'I think if the songs on this album share one thing. it is that they have a very dim' way of speaking and are quite easy to understand." Costello insisted. "I'm just musing on things. I try not to erect songs like big statues to how I feel. They are just a series of thoughts that occurred to me and I put them to music. Sometimes particular lines are just allusions They're not there to be admired. They are there because they make sense to me as I'm trying to make my way through the thought."

Then he quoted a line from "Little Atoms" that he might have specifically designed to make critics uncomfortable: "And if you still don't like my songs, then you can just go to hell."

In a business characterised by false modesty, it is unusual to find a songwriter who quotes his own lyrics. Costello justifies this with another quote: "Pride is a sin which we tend to forgive." from his song "Why Can't a Man Stand Alone." "I could carry on all day," he warns.

With a body of work and breadth of musical vision that should make him the envy of most of his peers. Costello can be justifiably proud of his accomplishments. His defensiveness. however, verges on paranoia. He is deeply mistrustful of the media ("All magazines and newspapers tell lies where it suits them and tell the truth occasionally"), and almost wilfully dismissive of any notion of critical standards ("Pointless debate by people who are infinitely less talented than those they're reviewing"). He behaves as if he has been criminally misunderstood and misrepresented, yet during our encounter. he constantly misinterpreted questions by jumping in too quickly. I intended to ask if he felt free to move in any direction he pleased, or whether he was constrained by the expectations of his record-buying public. But I only got as far as the word "free" before he cut me down with a terse: "If you can't hear it on this record, you can't hear it "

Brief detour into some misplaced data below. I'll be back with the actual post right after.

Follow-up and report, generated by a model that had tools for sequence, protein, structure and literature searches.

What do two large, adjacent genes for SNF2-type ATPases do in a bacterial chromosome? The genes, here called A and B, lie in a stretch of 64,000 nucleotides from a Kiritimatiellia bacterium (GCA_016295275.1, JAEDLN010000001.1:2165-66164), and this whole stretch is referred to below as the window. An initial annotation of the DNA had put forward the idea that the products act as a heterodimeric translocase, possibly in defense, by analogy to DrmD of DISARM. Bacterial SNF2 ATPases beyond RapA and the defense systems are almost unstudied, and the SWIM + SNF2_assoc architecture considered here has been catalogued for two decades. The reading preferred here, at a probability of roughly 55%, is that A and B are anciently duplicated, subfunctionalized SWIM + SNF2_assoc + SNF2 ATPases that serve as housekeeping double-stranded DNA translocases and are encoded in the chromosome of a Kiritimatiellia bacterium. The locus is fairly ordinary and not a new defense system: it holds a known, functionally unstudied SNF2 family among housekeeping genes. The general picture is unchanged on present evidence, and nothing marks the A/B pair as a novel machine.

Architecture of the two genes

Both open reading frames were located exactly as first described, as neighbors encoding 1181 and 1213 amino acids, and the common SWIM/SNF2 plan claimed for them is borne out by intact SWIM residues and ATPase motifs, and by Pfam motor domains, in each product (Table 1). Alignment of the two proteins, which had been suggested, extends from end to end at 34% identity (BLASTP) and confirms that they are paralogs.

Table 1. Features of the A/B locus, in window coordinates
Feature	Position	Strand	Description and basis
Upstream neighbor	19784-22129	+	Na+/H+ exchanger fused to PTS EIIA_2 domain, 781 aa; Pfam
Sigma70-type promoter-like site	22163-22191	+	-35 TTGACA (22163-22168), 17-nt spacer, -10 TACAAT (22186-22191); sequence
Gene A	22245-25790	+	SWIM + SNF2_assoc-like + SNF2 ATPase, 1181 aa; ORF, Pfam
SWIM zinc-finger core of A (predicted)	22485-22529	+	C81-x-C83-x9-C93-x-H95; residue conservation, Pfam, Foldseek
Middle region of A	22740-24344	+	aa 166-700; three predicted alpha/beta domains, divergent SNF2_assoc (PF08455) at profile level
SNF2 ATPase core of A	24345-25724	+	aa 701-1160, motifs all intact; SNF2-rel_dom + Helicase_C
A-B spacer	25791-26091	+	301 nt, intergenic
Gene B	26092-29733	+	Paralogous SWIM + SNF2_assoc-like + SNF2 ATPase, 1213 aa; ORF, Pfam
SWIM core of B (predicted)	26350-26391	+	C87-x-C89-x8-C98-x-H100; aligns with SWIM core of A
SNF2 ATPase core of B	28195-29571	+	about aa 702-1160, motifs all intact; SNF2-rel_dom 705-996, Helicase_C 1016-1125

But perhaps it is Costello's antagonism that keeps him alive. or at least lively. He has always seemed as much agent provocateur as pop star, never a pin-up even an a chart-topper, just too viciously anti-establishment to win the respect of the respectable. He may now attend concerts in the Wigmore Hall and admire Shostakovich far more than the Sex Pistols, but get him on to politics and he will soon be suggesting bringing back capital punishment — if only for members of the Royal Family ("I wait for the day when they announce that they are going to publicly behead the Duke of Westminster in Parliament Square").

Costello's work may now span a much wider range of emotions than guilt and revenge, but it is still fuelled by bile. "I really like writing songs, and there's plenty left." he said, on the subject of future ambitions. "I hate to keep quoting my lyrics to you, but there's a line on "Little Atoms" that explains the way I feel: 'There's still some pretty insults left and such sport in threatening.' I mean it, you know. But, you see, I'm very driven... I'm so driven, I don't know how to stop."

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The Daily Telegraph, May 11, 1996


Neil McCormick interviews Elvis Costello.

Images

1996-05-11 London Telegraph page P-01.jpg
Page scan.

Photo by Anthony Oliver.
1996-05-11 London Telegraph photo 01 ao.jpg


Photo by Ebet Roberts.
1996-05-11 London Telegraph photo 02 er.jpg